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J Int AIDS Soc. 2017 Apr 3;20(1):21372. doi: 10.7448/IAS.20.01.21372.

Community engagement in sexual health and uptake of HIV testing and syphilis testing among MSM in China: a cross-sectional online survey.

Zhang TP#1,2, Liu C#1,3, Han L#3, Tang W1,3,4,5, Mao J1, Wong T4, Zhang Y1,3,5, Tang S1,3, Yang B5, Wei C6, Tucker JD1,3,4.

Author information

SESH Research Team at the School of Medicine, University of North Carolina at Chapel Hill, Guangzhou, China.
Stritch School of Medicine, Loyola University Chicago, Maywood, IL, USA.
University of North Carolina at Chapel Hill Project-China, Guangzhou, China.
School of Medicine, University of North Carolina at Chapel Hill, Chapel Hill, NC, USA.
Guangdong Provincial Center for Skin Diseases and Sexually Transmitted Infections Control, Guangzhou, China.
Department of Epidemiology and Biostatistics, University of California San Francisco, San Francisco, CA, USA.
Contributed equally



HIV and syphilis testing rates remain low among men who have sex with men (MSM) in low- and middle-income countries (LMICs). Community engagement has been increasingly used to promote HIV testing among key populations in high-income countries, often in settings with stronger civil society. This study aimed to assess socio-demographic, behavioural, and community engagement factors associated with HIV and syphilis testing among MSM in China.


MSM ≥16 years old who had condomless sex in the past three months were recruited nationwide to complete a cross-sectional online survey in November 2015. Data were collected on socio-demographics, sexual behaviours, HIV testing, syphilis testing, and community engagement in sexual health. We defined community engagement in sexual health using six items assessing awareness and advocacy of sexual health programmes. The underlying factor structure of a 6-item community engagement scale was determined through exploratory factor analysis. Univariate and multivariable logistic regressions identified correlates of HIV and syphilis testing.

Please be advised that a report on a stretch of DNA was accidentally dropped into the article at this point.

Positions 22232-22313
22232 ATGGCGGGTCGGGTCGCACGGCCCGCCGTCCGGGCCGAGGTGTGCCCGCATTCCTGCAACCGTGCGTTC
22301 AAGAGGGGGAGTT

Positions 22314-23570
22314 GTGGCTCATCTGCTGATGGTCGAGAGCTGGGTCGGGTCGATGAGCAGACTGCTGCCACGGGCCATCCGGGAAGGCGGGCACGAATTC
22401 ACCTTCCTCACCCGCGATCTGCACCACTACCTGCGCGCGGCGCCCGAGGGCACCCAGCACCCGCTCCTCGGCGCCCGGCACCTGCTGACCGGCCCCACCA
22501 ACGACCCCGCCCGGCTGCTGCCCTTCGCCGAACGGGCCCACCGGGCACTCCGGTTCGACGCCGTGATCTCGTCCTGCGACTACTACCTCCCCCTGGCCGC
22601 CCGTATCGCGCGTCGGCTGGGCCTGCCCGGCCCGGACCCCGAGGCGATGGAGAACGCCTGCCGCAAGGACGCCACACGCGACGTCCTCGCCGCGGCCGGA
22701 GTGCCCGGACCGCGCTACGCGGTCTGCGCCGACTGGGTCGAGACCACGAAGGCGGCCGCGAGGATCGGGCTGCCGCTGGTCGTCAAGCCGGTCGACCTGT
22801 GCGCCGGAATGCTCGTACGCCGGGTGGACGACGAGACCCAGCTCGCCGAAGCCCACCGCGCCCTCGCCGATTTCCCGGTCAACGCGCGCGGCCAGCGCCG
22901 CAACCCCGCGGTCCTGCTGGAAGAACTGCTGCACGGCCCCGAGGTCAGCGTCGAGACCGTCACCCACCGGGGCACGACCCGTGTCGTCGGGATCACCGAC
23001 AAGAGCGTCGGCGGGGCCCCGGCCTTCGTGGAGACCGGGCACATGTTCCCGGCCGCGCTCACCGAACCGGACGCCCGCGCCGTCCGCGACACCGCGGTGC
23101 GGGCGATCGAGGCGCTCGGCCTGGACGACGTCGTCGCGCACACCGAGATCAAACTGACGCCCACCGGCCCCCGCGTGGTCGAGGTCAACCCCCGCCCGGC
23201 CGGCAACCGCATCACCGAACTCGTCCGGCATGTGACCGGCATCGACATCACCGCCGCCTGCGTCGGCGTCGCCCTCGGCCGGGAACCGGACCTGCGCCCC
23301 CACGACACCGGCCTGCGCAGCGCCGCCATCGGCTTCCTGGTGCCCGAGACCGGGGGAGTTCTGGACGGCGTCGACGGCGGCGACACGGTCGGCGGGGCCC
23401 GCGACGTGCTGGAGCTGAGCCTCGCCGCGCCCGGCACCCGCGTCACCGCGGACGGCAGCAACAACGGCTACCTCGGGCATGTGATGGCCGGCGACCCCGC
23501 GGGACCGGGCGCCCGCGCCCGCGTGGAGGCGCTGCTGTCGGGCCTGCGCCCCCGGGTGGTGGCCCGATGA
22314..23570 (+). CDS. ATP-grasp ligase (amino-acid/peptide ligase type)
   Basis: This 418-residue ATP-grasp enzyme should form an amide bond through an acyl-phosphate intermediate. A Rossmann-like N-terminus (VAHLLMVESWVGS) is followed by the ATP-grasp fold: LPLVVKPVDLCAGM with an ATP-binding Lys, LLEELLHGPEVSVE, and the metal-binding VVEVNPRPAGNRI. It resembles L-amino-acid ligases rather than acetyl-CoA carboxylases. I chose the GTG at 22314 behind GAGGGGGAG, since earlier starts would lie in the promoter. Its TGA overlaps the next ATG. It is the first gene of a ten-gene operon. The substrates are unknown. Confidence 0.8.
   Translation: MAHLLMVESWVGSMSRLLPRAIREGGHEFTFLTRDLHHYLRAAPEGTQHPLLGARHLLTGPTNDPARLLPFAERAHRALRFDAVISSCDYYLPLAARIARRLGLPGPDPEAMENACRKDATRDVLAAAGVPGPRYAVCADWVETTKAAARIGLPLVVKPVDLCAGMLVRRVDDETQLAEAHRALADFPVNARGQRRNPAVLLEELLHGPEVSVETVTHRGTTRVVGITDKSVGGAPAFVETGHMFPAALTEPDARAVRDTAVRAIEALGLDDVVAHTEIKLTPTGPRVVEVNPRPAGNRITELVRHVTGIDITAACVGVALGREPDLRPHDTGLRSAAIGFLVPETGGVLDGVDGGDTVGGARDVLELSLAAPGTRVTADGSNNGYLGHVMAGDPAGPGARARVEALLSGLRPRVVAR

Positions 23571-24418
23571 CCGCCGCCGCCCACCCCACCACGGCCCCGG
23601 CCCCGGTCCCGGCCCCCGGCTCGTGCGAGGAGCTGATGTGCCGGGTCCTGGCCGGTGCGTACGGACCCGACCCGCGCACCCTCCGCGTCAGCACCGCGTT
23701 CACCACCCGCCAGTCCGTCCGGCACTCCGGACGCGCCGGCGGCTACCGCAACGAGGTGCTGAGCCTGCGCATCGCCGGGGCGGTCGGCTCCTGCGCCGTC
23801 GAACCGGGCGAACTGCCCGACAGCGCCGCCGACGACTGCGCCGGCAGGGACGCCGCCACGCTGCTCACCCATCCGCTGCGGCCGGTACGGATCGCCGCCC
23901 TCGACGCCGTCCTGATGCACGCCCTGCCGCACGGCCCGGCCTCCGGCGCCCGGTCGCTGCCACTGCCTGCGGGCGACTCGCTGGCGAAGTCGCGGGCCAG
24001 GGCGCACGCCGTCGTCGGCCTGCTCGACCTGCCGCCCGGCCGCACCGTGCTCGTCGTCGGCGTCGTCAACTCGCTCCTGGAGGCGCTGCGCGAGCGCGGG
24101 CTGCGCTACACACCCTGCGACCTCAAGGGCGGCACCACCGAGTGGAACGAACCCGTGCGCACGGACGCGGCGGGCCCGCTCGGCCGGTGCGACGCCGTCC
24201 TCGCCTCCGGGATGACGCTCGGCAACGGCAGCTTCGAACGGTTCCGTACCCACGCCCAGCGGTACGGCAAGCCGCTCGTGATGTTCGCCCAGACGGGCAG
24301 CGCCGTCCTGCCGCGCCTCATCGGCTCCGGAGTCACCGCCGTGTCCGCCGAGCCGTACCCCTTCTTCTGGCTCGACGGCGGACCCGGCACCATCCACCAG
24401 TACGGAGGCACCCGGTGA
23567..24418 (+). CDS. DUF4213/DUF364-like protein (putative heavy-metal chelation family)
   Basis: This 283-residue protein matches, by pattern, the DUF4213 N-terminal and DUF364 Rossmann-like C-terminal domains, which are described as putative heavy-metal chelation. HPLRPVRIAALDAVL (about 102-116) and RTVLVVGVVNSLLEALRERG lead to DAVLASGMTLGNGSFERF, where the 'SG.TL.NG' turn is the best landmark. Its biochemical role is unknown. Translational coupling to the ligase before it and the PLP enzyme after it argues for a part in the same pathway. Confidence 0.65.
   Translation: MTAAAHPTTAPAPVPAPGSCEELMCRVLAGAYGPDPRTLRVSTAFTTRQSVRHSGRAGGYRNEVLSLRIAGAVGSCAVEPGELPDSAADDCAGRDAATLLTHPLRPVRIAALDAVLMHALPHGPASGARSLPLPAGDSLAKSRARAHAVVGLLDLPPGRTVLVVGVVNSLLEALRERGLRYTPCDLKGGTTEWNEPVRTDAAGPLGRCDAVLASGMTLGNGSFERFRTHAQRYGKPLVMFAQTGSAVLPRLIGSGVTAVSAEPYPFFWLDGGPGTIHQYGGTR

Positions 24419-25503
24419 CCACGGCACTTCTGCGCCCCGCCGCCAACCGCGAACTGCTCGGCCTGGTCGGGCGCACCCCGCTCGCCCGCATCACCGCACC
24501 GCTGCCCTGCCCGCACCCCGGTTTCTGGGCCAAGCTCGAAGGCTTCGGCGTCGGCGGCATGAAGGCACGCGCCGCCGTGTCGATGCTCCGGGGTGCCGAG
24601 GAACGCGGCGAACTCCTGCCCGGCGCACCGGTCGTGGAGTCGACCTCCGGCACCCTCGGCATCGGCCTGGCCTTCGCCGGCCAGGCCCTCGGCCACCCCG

1189 MSM were recruited. 54% (647/1189) of men had ever tested for HIV and 30% (354/1189) had ever tested for syphilis. Factor analysis suggested three levels of community engagement (minimal, moderate, and substantial) and this model explained 79.5% of observed variance. A quarter (26%, 312/1189) reported none to minimal engagement, over one half (54%, 644/1189) reported moderate engagement, and a fifth (20%, 233/1189) reported substantial engagement. Multivariable logistic regression showed that MSM with greater community engagement in sexual health were more likely to have ever tested for HIV (substantial vs. no engagement: aOR 7.91, 95% CI 4.98-12.57) and for syphilis (substantial vs. no engagement: aOR 5.35, 95% CI 3.16-9.04).


HIV and syphilis testing are suboptimal among MSM in China. Community engagement may be useful for promoting testing in China and should be considered in intervention development and delivery. Further research is needed to better understand the role of LMIC community engagement in HIV interventions.


China; HIV; HIV testing; community engagement; low- and middle-income countries (LMICs); men who have sex with men (MSM); syphilis testing

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